Prime Minister—Government Policy 2. Dr RUSSEL NORMAN (Co-Leader—Green) to the Prime Minister: Does he stand by all his Government’s policies?
Rt Hon JOHN KEY (Prime Minister): Yes.
Dr Russel Norman: Does he stand by his Government’s economic strategy to focus on expanding simple commodity exports such as milk powder, raw logs, and minerals—a pollution-based economy—rather than investing in research, science, and development to create a smarter, greener economy?
Rt Hon JOHN KEY: The member is really away with the fairies if that is what he believes, because in every single Budget since 2009 this Government has increased its expenditure on science. This year alone we are spending $1.5 billion in that area. In fact, the science and high-tech
area is growing rapidly under a National-led Government. So if the member thinks we are solely a commodity-based economy, he needs to get his head out of the clouds and look at what is actually happening around New Zealand. What I do know is when he goes around New Zealand and implements the sorts of policies he would like to do, he will be sending most New Zealand workers to the dole queue. I will be pointing that out to them over the course of the next 60 days.
Dr Russel Norman: Why is his Government planning to cut Government spending in science and research by over 10 percent in real terms over the next 3 years?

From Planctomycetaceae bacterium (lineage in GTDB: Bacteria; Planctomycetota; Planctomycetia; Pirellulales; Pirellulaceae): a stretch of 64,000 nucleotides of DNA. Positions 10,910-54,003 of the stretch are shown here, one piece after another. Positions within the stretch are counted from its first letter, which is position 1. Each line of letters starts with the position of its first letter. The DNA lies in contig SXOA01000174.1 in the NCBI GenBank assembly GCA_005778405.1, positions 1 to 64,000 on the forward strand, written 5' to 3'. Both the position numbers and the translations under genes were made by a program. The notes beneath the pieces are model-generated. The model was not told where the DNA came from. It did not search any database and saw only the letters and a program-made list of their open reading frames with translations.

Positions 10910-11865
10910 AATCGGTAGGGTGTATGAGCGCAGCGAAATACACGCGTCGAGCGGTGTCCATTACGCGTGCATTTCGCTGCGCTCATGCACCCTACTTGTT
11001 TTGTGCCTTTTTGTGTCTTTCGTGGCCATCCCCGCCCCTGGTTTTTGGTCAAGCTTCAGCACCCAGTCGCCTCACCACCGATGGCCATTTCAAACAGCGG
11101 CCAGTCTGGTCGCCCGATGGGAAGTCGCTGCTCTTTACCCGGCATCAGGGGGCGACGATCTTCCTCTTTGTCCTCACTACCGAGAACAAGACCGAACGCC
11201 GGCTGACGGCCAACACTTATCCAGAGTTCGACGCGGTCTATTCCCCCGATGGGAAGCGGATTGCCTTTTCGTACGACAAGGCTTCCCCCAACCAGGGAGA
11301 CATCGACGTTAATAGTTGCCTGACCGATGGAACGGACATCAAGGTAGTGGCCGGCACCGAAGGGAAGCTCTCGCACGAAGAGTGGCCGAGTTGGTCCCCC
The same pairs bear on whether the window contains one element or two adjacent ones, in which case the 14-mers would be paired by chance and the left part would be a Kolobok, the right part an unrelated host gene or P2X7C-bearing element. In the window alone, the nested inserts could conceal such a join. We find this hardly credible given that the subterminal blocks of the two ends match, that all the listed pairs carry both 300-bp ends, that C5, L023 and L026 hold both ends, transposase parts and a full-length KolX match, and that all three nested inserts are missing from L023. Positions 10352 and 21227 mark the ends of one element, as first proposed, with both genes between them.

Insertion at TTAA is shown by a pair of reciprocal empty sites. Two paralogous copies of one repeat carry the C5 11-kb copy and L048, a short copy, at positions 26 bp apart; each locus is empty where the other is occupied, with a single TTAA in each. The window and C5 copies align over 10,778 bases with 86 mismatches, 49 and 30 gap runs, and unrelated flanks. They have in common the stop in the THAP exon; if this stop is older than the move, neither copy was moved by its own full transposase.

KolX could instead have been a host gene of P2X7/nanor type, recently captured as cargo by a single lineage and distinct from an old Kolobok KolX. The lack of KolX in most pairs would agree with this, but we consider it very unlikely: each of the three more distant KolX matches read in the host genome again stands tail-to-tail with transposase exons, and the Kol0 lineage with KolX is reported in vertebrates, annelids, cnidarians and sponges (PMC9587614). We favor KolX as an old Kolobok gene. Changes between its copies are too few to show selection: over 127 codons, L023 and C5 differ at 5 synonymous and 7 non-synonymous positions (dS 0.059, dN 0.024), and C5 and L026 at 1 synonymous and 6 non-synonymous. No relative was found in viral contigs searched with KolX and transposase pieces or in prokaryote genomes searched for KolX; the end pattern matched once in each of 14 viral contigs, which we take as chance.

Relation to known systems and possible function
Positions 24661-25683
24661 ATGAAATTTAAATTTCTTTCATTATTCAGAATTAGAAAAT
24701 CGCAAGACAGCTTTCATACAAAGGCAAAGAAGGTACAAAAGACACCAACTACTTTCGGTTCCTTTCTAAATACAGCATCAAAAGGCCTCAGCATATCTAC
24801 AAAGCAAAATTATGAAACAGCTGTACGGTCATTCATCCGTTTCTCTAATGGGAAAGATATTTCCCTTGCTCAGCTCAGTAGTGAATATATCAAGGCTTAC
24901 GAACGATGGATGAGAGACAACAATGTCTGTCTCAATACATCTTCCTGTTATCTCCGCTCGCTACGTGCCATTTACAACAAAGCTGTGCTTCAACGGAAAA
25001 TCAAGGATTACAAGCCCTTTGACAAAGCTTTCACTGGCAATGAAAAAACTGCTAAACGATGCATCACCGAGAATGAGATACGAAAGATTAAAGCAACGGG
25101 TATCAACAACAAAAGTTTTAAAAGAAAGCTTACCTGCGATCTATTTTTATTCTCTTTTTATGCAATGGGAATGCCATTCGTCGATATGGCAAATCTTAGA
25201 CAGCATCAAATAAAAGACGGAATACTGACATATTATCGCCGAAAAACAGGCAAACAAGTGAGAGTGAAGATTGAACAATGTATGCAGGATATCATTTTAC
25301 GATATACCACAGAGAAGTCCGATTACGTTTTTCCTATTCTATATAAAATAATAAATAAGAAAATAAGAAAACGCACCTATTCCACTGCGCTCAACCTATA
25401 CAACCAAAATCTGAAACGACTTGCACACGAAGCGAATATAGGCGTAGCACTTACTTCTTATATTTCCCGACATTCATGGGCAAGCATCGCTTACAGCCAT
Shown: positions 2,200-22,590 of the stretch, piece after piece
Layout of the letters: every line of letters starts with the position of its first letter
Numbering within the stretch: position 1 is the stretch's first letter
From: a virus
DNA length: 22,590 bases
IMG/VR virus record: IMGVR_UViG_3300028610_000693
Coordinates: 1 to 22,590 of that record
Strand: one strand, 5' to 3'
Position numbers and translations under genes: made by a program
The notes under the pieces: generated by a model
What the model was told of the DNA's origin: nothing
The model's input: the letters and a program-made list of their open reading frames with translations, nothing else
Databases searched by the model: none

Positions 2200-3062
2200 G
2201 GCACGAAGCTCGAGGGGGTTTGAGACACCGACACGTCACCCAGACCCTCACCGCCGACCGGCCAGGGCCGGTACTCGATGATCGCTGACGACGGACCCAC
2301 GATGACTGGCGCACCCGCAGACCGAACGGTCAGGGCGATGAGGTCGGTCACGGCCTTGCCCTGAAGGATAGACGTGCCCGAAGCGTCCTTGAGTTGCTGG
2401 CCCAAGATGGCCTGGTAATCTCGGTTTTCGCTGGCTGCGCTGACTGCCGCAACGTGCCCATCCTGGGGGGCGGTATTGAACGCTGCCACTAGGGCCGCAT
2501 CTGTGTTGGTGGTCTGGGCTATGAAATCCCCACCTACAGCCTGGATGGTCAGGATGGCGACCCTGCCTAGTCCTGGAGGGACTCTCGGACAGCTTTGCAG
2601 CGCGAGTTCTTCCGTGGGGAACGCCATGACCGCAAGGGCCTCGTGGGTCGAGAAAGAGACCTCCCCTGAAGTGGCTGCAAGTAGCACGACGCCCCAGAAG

Rt Hon JOHN KEY: The member is making it up.
Dr Russel Norman: Has the Prime Minister actually read theDraft National Statement of Science Investment—which the Government just issued, for the Prime Minister’s benefit—which says that Government investment will be dropping from $1.4 billion in 2014/15 to $1.35 billion in 2017/18 in nominal terms, which in real terms is a cut of 10 percent in 3 years?
Rt Hon JOHN KEY: The member is misinterpreting the data. The correct data represents what I have been saying, which is that the Government has been increasing expenditure in science and technology every year. Even in the worst of the financial conditions we have been doing that. That is why you are seeing some of the stellar results that are being delivered around the country.
Dr Russel Norman: I seek leave to table a document from the Parliamentary Library showing Government investment in science to drop by 10 percent in real terms over 3 years, and 21 percent—
Mr SPEAKER: Order! The document has now been satisfactorily described. I will put the leave. Leave is sought to table that—[Interruption] Does the member want to speak to the point of order?
Hon Steven Joyce: I am just interested to know what that data is from. He said data from the library, but—
Mr SPEAKER: Order! The member has described it. It is now over to the House. It was information prepared by the Parliamentary Library. Leave is sought to table that document. Is there any objection? There is objection.